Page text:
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Choices and how one thing leads to another

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Tech Talk by Peter Mate
Peter Mate is owner and president of Planit Canada, a software and services company devoted to servicing the manufacturing industry. For more info email
I’m back at the gym. Not because of any new resolutions, but because it’s easier for me to get to the gym in the winter.
In the summer, I have so many outdoor sports and things I like to do. I noticed that when I’m in my routine of going to the gym, I end up seeing many benefits from that one action.
I end up drinking a lot more water. I’ll go through 1.5 liters of water just during my workout and then more before/after. I also tend to eat better before and after my workouts with very little effort or conscious decision at all. It’s almost like I don’t crave the same type of food when I’m in workout mode. As crazy as it may sound, I like listening to educational audio books while I train. So, that one decision to go to the gym turns into better eating, more water drinking, education and of course the physical activity.
When I train, I use an app to track my workout. It has my routines and exercises and I know exactly what to do and what weights I used last time. As a result, I get to see the progress. I can look at the monthly summary of my activity and it gets synced with my Apply health app. I can see all kinds of information, trends and progress. The key is that none of it exists if I don’t make the decision to go to the gym.
How does this tie into woodworking and technology? Easy.
It’s much harder to have good information to make decisions on if, for example, your work orders are on physical paper. The easier you make it for yourself to have good information at your fingertips, the better decisions you’ll be able to make for your business. What’s the biggest fish to fry? Where should you focus your energy? Your money? Your time?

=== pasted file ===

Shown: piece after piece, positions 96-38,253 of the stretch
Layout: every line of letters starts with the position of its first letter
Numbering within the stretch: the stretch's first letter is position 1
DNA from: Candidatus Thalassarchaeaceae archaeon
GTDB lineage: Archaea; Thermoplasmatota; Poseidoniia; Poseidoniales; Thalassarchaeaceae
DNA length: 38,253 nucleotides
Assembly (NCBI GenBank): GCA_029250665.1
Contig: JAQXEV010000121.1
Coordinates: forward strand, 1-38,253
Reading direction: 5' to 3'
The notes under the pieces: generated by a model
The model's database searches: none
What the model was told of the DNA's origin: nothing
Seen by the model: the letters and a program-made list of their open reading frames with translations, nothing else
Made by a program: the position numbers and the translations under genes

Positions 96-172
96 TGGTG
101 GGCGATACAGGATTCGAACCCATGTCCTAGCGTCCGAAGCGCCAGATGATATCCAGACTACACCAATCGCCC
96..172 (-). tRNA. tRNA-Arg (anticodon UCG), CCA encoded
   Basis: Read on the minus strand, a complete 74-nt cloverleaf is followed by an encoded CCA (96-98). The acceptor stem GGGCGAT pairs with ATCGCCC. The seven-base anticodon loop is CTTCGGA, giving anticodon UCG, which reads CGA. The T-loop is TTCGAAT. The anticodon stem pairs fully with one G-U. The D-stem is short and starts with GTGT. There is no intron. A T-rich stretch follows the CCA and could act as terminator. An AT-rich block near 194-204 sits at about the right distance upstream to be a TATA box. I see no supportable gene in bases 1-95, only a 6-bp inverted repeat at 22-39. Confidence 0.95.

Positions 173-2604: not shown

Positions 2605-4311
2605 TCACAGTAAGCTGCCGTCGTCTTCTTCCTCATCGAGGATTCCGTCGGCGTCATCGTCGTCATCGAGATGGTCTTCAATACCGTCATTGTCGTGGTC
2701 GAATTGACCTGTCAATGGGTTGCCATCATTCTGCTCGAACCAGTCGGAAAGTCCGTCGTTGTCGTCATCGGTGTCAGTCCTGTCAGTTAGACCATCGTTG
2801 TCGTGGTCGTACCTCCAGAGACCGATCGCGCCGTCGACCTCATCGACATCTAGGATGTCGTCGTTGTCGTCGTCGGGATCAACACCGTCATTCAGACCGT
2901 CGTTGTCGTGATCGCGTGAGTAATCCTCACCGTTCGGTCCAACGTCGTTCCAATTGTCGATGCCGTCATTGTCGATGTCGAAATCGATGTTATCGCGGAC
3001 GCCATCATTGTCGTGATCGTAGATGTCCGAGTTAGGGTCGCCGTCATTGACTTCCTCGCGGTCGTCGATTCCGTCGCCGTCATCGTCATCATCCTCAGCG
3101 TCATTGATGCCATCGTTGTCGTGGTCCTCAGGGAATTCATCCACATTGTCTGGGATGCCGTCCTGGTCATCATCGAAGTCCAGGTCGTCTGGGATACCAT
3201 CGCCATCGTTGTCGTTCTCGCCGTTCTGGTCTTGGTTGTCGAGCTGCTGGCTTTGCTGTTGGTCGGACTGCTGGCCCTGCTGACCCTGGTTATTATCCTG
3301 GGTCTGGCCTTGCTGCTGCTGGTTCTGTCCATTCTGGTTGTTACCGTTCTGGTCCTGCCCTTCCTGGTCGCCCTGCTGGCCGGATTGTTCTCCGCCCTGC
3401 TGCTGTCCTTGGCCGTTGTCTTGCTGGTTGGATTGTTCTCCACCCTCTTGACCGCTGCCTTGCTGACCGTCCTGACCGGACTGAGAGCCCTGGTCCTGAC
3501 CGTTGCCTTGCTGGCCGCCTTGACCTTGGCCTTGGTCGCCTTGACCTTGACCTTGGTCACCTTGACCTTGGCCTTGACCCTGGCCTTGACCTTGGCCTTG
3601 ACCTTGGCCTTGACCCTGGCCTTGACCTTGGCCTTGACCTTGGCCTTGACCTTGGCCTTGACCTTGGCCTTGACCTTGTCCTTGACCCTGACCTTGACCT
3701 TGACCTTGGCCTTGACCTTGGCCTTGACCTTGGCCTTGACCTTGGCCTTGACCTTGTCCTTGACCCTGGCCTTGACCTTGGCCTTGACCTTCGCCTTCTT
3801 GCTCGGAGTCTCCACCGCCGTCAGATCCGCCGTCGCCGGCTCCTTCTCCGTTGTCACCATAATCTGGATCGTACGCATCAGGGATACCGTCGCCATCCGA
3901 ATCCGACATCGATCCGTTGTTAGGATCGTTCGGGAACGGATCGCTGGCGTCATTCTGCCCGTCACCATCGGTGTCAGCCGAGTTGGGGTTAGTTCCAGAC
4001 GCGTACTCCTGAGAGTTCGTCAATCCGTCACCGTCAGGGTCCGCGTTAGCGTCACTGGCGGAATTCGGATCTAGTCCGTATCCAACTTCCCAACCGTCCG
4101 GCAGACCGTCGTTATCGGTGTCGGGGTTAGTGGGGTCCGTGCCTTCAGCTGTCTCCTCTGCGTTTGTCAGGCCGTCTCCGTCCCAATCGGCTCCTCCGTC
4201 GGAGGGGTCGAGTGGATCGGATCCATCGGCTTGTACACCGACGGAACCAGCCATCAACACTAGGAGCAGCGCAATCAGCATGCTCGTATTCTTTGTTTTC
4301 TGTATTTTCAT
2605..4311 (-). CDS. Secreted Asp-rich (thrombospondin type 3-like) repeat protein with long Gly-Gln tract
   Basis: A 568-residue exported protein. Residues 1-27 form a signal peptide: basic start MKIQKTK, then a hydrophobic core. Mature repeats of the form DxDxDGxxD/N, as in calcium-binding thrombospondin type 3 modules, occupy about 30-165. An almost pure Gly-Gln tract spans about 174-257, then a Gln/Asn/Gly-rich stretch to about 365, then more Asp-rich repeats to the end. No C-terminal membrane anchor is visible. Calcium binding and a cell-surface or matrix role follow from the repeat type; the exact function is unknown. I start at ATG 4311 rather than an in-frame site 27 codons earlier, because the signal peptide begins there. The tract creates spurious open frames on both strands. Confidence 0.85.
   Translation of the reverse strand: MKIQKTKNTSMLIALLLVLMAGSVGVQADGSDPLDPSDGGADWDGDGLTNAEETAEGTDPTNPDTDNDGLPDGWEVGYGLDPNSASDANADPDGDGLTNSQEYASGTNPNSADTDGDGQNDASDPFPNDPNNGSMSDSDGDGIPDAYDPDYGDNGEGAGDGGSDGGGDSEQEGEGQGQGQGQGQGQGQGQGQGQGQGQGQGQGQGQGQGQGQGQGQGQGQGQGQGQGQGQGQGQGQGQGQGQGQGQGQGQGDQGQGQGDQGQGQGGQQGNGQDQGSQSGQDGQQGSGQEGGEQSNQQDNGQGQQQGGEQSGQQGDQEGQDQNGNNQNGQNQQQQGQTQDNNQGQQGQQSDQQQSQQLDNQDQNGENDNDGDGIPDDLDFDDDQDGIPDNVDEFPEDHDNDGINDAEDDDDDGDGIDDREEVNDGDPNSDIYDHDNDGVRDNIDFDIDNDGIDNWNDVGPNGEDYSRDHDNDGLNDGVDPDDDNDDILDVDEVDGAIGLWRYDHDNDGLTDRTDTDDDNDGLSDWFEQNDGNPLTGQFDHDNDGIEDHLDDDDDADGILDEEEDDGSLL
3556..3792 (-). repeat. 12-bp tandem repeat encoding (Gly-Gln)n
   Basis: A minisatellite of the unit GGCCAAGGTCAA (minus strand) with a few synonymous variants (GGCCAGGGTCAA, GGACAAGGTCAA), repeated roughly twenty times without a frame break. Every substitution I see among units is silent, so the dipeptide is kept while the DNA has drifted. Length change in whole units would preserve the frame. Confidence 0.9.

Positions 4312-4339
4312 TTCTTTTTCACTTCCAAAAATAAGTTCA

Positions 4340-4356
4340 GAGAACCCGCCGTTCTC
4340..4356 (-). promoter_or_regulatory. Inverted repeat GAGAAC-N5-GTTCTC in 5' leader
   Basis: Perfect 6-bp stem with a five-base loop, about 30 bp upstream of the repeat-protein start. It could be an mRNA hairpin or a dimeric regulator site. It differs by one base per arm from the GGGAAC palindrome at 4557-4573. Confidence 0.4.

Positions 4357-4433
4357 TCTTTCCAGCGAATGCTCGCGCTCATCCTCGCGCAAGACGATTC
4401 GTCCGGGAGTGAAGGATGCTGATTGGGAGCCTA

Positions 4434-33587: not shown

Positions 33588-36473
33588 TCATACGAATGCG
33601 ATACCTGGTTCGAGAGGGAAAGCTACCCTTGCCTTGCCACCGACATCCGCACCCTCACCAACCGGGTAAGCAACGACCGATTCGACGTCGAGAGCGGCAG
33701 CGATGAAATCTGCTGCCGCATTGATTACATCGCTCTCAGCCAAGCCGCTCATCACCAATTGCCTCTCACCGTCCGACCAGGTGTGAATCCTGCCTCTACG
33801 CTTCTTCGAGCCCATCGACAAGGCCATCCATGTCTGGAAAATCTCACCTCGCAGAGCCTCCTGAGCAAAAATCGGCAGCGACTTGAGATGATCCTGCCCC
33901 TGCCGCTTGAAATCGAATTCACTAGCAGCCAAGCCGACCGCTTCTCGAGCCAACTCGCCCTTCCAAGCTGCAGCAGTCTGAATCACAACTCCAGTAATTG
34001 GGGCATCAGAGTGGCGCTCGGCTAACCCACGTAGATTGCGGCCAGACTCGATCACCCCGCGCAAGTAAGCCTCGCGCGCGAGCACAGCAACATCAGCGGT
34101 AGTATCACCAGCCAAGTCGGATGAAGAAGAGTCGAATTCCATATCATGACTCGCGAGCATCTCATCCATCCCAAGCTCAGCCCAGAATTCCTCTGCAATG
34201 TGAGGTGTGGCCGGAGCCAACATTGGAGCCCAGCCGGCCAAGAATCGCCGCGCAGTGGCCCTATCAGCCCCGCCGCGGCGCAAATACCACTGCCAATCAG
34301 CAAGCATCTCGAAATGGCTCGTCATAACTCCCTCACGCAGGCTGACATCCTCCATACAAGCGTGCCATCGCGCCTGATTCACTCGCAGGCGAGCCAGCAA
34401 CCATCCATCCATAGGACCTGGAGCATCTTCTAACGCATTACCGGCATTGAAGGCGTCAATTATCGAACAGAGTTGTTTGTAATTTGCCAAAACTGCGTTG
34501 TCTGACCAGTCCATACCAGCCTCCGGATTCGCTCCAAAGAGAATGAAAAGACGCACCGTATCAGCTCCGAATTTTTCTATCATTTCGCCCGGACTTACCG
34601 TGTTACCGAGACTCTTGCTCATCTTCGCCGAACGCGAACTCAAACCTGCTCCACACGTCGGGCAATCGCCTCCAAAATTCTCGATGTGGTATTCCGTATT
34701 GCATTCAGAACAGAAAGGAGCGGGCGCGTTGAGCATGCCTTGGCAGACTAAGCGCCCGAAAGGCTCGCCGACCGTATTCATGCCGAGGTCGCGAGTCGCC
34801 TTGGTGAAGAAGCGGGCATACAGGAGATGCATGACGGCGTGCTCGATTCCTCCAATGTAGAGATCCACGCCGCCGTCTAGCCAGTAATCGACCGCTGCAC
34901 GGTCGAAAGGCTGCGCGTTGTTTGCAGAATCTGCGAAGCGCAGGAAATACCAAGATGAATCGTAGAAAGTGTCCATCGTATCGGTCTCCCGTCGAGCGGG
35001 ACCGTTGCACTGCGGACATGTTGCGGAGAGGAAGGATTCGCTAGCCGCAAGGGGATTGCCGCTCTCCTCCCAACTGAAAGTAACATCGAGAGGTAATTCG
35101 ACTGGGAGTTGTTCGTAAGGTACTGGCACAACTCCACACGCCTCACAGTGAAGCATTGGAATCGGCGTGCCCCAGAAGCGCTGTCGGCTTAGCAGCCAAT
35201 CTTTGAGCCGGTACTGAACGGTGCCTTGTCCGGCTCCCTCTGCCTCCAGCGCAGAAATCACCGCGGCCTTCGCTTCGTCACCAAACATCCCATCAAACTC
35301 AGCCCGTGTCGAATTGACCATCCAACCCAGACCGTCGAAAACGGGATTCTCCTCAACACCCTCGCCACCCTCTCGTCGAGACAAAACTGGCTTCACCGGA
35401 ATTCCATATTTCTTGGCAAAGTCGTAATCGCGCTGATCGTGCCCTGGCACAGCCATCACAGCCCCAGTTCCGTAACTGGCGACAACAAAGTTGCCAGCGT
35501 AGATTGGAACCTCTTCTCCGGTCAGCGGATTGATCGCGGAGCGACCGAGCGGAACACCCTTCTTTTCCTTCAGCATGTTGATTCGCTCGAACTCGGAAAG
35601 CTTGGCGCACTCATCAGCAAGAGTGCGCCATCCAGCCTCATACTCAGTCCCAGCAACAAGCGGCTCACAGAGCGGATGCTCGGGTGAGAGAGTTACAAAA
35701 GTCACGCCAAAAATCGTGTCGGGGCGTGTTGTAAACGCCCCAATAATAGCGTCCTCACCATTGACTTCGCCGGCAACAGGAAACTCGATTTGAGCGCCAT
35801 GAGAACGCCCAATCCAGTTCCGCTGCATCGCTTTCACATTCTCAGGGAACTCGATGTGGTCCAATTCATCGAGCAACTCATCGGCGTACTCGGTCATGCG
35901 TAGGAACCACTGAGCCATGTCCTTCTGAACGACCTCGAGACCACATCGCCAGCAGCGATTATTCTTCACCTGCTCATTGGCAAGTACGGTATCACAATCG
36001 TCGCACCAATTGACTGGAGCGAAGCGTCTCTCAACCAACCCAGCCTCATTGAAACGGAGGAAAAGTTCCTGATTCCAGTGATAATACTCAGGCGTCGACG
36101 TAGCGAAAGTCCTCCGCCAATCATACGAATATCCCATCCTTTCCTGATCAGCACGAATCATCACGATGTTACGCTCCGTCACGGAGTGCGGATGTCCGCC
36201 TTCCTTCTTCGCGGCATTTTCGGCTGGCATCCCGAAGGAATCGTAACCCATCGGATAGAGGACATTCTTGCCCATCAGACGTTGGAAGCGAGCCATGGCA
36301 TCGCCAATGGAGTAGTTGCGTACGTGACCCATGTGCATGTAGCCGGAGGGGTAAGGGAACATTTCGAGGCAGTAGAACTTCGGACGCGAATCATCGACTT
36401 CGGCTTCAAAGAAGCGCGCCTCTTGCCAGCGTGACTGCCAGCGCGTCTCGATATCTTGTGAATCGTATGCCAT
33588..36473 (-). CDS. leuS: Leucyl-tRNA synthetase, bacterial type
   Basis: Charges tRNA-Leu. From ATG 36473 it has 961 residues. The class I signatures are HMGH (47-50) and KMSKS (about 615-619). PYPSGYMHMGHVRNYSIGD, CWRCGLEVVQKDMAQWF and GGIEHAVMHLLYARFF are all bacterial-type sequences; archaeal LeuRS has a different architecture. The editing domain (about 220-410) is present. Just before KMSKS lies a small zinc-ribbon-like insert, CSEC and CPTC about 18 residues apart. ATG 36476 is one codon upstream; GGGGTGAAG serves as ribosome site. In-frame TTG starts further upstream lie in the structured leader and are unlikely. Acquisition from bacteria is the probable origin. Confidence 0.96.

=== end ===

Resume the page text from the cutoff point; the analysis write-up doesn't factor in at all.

Removing the decisions that are based on gut feelings and replacing them with decisions that will have the biggest impact on your business will enable your business to grow the fastest and adapt the best to changing situations.
Would you know how much time a painted kitchen adds to the project vs. a melamine one? Can you pull up your past quotes and see if you are pricing these correctly? If nothing is being recorded, then you have nothing to go on but your gut. If you have work history in software, then 
you can typically pull out a lot more information when you need it.
In the end, you might go buy software to run your CNC, but the ripple effect will be that you start having more digital data that is easier to access. The more data you collect, the better the chances are that you will have the information you will be looking for in the future.
The compounded effect of CNC software for example could include better quality parts, better fitting hardware, less service calls, better material usage, faster production times, easier assembly and the list goes on. So let’s all lose the gut, both at the gym and in our decision-making, and let’s start making choices that have compounded benefits.

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